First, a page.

Lady Anne Clifford - Kendal's Iron Lady
PUBLISHED: 16:06 12 September 2011 | UPDATED: 19:58 20 February 2013
She fought a 40-year battle for justice and now a unique painting depicting Lady Anne Clifford's remarkable life has gone on show. Sue Riley reports Photography by Darren Andrews
The gaze of Lady Anne Clifford appears slightly disapproving as she looks down at the visitors in Abbot Hall gallery in Kendal. Given the 40-year legal battle she faced to inherit her family fortune its perhaps understandable she seems so stoical in the painting that she commissioned after winning her long fight. Now, the priceless triptych depicting her incredible life and times is on display at the gallery for the first time since it was purchased 30 years ago.
The Great Picture, as it is known, hung in Appleby Castle until it closed to the public in the 1990s and its return to the gallery posed a dilemma. The central panel was too large to exhibit - so apart lifefrom a brief appearance at Tate Britain in 2004, the painting has been in storage for the past 12 years. Until this year.
As one of their most asked about pieces, the gallery team worked for more than a year to put the 17th century triptych on display. Former gallery director Mary Burkett OBE of Isel Hall, Cockermouth donated the 5,000 needed to remove one of the sash windows so the central painting could be passed into the gallery and mounted on the wall alongside the other two panels. The process went smoothly with no hitches although the painting only got through the window with a centimetre to spare.
Looking at the reunited triptych, artistic director Helen Watson said: This is one of the highlights of Abbot Halls history. Helen was given the task of putting the three pictures - attributed to Dutch artist Jan van Belcamp - on display when she was appointed just over three years ago. Its one of the first things I was asked to do. Its one of our most popular pieces.
Now the triptych can be seen as it was intended with the images of Lady Anne as a 15-year-old, her parents and two young brothers in the central panel and then Lady Anne at the age of 56 and with pictures of her two husbands. Two triptychs were originally painted, the other was displayed at Skipton Castle but neglect led to its destruction the19th century.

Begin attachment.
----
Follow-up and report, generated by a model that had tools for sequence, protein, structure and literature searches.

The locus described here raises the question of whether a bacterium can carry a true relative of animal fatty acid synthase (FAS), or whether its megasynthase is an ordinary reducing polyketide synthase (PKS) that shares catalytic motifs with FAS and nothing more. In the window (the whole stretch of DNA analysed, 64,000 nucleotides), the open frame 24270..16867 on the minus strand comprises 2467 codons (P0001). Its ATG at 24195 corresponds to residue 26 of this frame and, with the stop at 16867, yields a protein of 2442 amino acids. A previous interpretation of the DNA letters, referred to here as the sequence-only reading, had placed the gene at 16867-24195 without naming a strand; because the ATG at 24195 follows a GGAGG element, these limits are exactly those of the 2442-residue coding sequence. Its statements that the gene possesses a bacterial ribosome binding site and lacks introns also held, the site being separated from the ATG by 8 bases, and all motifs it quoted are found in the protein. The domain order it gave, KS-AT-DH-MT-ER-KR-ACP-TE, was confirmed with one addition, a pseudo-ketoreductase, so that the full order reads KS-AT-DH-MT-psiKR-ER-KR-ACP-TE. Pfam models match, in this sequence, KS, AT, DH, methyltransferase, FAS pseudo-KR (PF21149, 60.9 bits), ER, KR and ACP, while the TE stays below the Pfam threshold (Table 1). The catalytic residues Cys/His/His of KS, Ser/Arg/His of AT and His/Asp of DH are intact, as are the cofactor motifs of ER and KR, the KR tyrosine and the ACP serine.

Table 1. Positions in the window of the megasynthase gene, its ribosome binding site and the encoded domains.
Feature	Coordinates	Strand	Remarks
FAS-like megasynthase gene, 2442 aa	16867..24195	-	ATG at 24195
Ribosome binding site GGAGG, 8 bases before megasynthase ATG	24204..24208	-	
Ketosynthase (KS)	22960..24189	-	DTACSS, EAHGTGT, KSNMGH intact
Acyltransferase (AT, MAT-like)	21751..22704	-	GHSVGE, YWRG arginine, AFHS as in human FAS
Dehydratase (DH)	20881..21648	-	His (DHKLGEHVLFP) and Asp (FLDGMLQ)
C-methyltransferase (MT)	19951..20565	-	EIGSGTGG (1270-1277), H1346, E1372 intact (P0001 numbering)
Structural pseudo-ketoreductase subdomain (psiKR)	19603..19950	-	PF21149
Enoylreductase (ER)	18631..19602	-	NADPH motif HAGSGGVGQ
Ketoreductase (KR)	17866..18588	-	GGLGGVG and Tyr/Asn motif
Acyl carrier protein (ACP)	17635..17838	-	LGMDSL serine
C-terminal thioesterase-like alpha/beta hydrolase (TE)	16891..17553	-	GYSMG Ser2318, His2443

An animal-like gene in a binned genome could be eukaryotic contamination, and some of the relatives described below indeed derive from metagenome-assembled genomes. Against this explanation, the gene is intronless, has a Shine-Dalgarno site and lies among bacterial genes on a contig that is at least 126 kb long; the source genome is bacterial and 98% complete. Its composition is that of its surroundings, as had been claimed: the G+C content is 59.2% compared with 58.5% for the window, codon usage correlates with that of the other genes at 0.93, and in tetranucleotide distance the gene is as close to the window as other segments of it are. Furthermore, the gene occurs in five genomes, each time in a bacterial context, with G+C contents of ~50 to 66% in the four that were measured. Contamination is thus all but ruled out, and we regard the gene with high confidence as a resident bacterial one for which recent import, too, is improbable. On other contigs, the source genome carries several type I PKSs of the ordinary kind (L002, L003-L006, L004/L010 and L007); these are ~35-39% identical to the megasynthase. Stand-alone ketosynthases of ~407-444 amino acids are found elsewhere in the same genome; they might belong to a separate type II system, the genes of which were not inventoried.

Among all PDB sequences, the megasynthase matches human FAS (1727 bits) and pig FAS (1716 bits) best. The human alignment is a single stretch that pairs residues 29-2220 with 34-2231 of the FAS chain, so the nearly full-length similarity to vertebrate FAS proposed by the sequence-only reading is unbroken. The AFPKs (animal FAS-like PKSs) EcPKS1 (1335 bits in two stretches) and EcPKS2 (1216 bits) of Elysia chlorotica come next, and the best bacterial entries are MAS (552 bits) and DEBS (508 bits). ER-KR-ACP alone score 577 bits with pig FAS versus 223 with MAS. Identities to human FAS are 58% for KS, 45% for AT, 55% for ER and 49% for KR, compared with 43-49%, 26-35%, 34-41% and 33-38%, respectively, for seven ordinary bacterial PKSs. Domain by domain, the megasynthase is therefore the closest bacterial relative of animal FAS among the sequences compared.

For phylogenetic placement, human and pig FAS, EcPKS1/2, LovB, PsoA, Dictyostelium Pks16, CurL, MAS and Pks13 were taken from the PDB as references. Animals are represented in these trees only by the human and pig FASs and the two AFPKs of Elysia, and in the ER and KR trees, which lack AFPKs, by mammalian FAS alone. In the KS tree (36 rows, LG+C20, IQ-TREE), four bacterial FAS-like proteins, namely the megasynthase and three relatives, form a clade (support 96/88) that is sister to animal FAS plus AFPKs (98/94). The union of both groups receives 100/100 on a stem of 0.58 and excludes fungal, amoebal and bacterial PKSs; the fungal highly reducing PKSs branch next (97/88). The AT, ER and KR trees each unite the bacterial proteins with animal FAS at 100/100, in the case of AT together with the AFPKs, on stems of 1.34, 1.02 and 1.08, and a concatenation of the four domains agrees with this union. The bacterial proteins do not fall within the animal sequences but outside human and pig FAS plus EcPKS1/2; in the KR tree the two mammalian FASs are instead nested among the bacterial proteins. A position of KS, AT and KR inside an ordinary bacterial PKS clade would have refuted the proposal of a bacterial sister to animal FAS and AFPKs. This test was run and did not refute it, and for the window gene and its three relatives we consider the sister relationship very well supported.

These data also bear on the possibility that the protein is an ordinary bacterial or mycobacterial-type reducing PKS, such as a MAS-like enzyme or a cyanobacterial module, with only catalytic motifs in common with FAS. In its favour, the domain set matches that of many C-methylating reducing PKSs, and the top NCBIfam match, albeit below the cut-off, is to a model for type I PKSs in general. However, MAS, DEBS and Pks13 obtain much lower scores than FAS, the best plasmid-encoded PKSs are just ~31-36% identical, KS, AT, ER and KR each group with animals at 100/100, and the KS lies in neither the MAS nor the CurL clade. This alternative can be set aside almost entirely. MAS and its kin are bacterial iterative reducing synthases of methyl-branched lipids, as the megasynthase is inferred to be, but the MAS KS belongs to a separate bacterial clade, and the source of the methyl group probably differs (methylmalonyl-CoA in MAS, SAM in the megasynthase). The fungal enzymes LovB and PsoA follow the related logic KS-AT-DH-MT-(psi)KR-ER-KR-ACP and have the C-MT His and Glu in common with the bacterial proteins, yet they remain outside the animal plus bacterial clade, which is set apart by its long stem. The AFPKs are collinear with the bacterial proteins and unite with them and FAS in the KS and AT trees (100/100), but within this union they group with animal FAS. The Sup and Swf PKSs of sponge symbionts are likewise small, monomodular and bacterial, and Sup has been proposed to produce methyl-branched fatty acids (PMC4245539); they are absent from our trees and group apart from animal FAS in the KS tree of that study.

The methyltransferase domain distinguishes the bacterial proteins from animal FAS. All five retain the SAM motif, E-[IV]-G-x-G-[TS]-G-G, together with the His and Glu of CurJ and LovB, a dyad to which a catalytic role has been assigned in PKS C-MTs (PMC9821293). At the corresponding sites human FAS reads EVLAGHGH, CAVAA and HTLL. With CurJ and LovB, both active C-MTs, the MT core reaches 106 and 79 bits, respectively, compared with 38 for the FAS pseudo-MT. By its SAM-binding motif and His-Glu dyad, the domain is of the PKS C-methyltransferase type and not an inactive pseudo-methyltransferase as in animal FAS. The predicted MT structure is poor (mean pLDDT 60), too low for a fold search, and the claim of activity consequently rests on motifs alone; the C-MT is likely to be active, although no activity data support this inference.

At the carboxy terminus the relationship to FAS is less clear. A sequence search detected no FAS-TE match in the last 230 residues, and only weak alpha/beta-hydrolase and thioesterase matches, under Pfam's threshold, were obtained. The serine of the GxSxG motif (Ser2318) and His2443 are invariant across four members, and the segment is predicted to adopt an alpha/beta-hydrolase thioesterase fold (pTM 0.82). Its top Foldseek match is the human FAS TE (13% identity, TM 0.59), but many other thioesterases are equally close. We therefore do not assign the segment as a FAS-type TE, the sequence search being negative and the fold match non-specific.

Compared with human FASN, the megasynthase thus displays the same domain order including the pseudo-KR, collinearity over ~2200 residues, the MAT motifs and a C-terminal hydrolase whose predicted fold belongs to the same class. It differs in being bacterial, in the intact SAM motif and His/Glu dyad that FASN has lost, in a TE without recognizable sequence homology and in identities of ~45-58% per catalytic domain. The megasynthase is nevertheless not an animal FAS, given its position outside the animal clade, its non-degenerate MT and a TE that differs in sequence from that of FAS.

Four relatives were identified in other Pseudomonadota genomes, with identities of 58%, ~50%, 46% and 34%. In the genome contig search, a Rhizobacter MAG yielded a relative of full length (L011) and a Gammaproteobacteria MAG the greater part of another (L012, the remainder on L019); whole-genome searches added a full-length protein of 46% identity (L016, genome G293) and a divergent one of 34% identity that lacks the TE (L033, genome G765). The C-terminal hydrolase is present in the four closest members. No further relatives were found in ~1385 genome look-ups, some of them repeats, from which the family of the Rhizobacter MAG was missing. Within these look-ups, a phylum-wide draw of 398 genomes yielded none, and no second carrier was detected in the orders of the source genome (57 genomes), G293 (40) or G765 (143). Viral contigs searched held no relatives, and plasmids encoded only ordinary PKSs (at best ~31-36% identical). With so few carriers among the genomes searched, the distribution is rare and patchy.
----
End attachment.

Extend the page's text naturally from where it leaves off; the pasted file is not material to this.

Fortunately, the one now hanging at the Abbot Hall is in fantastic condition AndrewsCollections manager Nick Rogers, who was in charge of hanging the painting, said: Its priceless...utterly unique. Its cultural importance makes it one of the most important paintings in the collection.
Lady Annes life is fascinating her father disinherited her on his deathbed but she fought to reclaim Skipton and Brougham Castles and all the estate lands.
She married twice, was a great patron of the arts and refused to accept many setbacks in her long life.
When she was finally awarded her family fortune at the age of 56 she commissioned the two triptychs. Lakeland Arts Trust bought the remaining picture from Dowager Lady Hothfield in 1981 to ensure it was kept in the north where Lady Anne had ruled over her lands.
It was never intended that we display it, we acted as the facilitator.but next year is the gallerys 50th anniversary and this is part of the anniversary celebrations, said Jeanette Edgar, the gallerys press officer. She also hopes that having the painting in the gallery will spark more academic research. It gives the gallery an extra dimension, she said.
Lady Anne has a strong following, particularly in the north. Theres a society which meets regularly to discuss various aspects of her life and there is Lady Annes Way - a 100-mile walk which stretches from Skipton Castle to Brougham Castle in Penrith. With such a fascinating story much of it detailed in the diaries she wrote and which are still in print who could predict the next chapter of her legacy?
A womans rights
Lady Anne was born in 1590 to Margaret Russell and George Clifford, the third Earl of Cumberland, at Skipton Castle. Her father was a favourite at the court of Elizabeth I and was a famous jouster. two brothers died at the ages of five and six. father died when Anne was just 15 and he left her 15,000 but all the land and castles, including Skipton and Brougham, were bequeathed to her uncle.
Lady Anne was a strong character and spent the next four decades pursuing her claim though the courts and she finally won moral, financial and legal redress.
She was twice married, to the Earl of Dorset with whom she had two daughters and then to the Earl of Pembroke and Montgomery. Following her second husbands death in 1649 she moved north at the age of 60 and, remarkably for the time, she lived another 26 years at her various castles. She died in Brougham Castle where her father had been born and she is buried in the family vault in St Laurences Church in Appleby.
The triptych will be on show at Abbot Hall until at least December 2012. Interpretative panels and an interactive computer facility are planned.